Why Boston Needs To Better Nurture the Outdoor Arts Community
Planning out community gatherings and acquiring the proper permits is a difficult process for organizations, they say.
Several local arts organizations looking to expand options for those interested in outdoor murals and community-based gatherings say it’s difficult to bring residents together in the city because of the daunting, tedious process of obtaining the proper permits from various Boston departments.
On April 13, a group known as HarborArts will team up with Future Boston Alliance to bring a graffiti and outdoor arts event to East Boston at the Boston Harbor Shipyard and Marina, home to HarborArts’ outdoor gallery. The gathering will attract area artistic talent, cultivate a sense of community, and feature music from area DJs as two well-known graffiti artists, Cedric Douglas and Percy Fortini-Wright, finish a giant aquatic mural scene on the side of a wall.
But pulling all of these concepts and moving parts together wasn’t an easy task, says Matt Pollock, executive director of HarborArts. “It’s hard to do stuff in Boston. Boston doesn’t make it that easy to have a spontaneous intervention that brings people in the community together to do something cool,” says Pollock. “You have to go through so much bureaucracy.”
Because of the art group’s relationship with the shipyard, Pollock says, they were able to tie-up any loose ends and prepare for the graffiti gathering. However, getting more events similar to the “Graffiti Jam,” as it’s called, something Pollock would like to see all around Boston in various neighborhoods, is seemingly more complicated. “The city needs to support the arts more—it’s not like New York or Chicago where the arts have such a strong support system,” he says. “What we need to do is change it, we need to start budgeting for art [and more events].”
The “bureaucracy” Pollock points to is something City Councilor John Connolly discussed during his recent campaign launch for the mayoral seat, likening the permit-pulling process to the infamously bad Boston reality series “Southie Rules.” According to the Boston Globe, Connolly said the current administration’s “idea of getting an online permit to rent a park … means printing a form from a computer and hand-delivering it to City Hall.”
Malia Lazu, a member of the group Future Boston, who is co-sponsoring the HarborArts event, agrees. “Everyone who has tried to do something in this city has this story,” she says. “I’d like for there to be some consistency to the process. It shouldn’t have to go up to the Mayor for a decision. I’m not talking about some huge party shutting down [Massachusetts] Ave., I’m talking about different communities wanting to get together for small events.”
Requests sent to the mayor’s office for comment about the permitting process for these types of events were not immediately returned.
Besides HarborArts’ community get together, Lazu referenced the upcoming Bartlett Yard’s events, an art and music festival that kicks of in May and plans on drawing in dozens of talented mural painters and graffiti artists to create eye-popping pieces on old building walls slated for removal, before making way for a new development.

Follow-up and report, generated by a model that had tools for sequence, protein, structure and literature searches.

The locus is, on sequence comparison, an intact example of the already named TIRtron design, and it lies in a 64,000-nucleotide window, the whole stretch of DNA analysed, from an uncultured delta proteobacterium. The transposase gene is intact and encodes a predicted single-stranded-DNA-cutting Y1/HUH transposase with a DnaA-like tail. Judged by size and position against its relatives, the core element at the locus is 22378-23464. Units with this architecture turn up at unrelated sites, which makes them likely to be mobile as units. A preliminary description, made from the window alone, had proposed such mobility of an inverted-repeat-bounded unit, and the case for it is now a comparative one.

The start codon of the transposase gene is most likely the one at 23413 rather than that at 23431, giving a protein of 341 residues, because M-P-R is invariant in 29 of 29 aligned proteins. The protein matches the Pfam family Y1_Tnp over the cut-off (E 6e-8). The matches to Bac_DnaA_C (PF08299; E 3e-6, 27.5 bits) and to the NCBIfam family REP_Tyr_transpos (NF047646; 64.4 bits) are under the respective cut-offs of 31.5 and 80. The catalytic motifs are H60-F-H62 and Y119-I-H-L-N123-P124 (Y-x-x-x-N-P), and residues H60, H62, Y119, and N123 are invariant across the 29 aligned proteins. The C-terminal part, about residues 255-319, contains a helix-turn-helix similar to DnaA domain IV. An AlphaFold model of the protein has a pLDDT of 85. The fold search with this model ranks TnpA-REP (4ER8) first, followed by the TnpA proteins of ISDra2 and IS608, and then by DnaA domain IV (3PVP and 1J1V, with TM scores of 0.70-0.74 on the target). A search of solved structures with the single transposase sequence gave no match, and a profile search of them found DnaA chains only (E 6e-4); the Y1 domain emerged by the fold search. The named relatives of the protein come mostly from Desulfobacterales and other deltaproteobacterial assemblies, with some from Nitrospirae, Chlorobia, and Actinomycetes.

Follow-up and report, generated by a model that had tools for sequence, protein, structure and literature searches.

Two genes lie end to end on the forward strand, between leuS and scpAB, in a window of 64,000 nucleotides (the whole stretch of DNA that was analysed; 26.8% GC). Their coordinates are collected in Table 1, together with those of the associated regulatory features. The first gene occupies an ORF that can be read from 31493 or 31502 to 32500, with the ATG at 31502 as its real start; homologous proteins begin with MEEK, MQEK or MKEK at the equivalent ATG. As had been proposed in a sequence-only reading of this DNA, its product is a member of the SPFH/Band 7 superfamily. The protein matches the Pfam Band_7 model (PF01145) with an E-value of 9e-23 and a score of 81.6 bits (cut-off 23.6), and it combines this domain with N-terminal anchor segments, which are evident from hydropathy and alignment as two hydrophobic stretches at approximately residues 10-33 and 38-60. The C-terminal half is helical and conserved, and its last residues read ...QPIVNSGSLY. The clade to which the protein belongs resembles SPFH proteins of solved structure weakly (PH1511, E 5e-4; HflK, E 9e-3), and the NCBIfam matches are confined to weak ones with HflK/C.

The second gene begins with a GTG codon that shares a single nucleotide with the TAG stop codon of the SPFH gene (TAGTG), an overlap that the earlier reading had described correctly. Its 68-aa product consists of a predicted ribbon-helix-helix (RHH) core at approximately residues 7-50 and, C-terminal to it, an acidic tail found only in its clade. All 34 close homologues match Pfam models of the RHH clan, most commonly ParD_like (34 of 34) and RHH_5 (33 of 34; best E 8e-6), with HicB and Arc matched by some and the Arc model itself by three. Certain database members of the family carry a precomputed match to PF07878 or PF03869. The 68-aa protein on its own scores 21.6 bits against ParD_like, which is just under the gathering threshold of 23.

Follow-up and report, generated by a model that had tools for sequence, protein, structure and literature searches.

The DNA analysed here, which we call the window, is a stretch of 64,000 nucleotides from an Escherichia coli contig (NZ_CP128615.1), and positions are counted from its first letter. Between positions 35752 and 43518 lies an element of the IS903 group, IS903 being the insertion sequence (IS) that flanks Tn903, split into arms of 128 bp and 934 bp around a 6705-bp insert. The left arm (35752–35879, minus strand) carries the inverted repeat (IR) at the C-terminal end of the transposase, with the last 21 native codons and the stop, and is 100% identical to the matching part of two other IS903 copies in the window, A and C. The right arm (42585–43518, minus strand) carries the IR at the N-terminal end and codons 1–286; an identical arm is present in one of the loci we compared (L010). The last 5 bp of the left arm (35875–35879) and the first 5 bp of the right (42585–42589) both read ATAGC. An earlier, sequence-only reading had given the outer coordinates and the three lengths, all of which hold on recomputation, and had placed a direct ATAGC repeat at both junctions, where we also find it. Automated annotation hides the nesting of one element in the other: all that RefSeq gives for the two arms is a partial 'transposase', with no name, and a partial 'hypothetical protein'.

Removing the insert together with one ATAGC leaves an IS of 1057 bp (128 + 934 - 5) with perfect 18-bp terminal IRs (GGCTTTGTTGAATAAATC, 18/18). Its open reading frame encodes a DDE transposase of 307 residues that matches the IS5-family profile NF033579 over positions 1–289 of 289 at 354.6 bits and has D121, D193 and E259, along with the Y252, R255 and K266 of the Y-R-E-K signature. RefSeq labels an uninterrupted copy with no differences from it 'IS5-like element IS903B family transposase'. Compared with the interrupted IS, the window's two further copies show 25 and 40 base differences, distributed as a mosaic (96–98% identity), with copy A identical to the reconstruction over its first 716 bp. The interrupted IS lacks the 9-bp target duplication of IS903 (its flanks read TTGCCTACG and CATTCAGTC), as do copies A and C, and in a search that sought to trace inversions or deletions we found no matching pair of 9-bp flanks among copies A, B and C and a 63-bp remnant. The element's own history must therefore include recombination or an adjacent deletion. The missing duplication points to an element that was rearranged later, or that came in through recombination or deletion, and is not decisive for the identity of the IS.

“When things like Bartlett Yard, they are not asking to throw a Cirque du Soliel party across [Interstate] 93, they are asking for their community to get together, and for some reason, it is not encouraged in this city. I think that the constrictions and restrictions that are on trying to do anything outside, anything in the city with certain types of people, like young people, or people of color, it becomes much more difficult to get,” says Lazu.
Jason Turgeon, one of the creative minds behind the Events at Bartlett Yard series, says the development team that recently bought the old property from the MBTA has been kind enough to allow his group to use the area as grounds for the art takeovers since the land is currently unused and will remain that way until it’s demolished and rebuilding begins.
“The whole site is eight-and-a-half acres, and it has been vacant for years,” Turgeon says, describing the scheduled events, which are planned to span over a couple weekends, as “an art free for all.”
“We want young kids in the community who have been wanting to do graffiti, who have been doing it illegally, to have a place to put their stuff. We want local kids and adults—there is a big established art scene in the area—to have a place for their stuff,” say Turgeon.
But like Lazu’s past experiences with sifting through paperwork and meeting with various city department heads to gain clearance, Turgeon still has some hurdles to overcome. “It can be impossible. [Some of this] could still not happen and we have already raised all of this money and have non-profit partners. Because the city’s process is so opaque, they have been trying to work with us, but it just doesn’t exist to move through this stuff easily,” he says.
Turgeon said the city has been supportive of the group’s efforts, but he would like to see a more streamlined approach to organizing events that foster community growth and bring arts and entertainment to Boston neighborhoods, like the Bartlett Yard’s series, which will not only feature artwork, but also dance groups, food trucks, and musical guests.
“It’s definitely not easy to organize all of this, and it’s something we are really trying to get the city to develop to make these processes easier. They are all supportive in theory, but [a streamlined process] doesn’t exist so far. There is no process for this,” he says.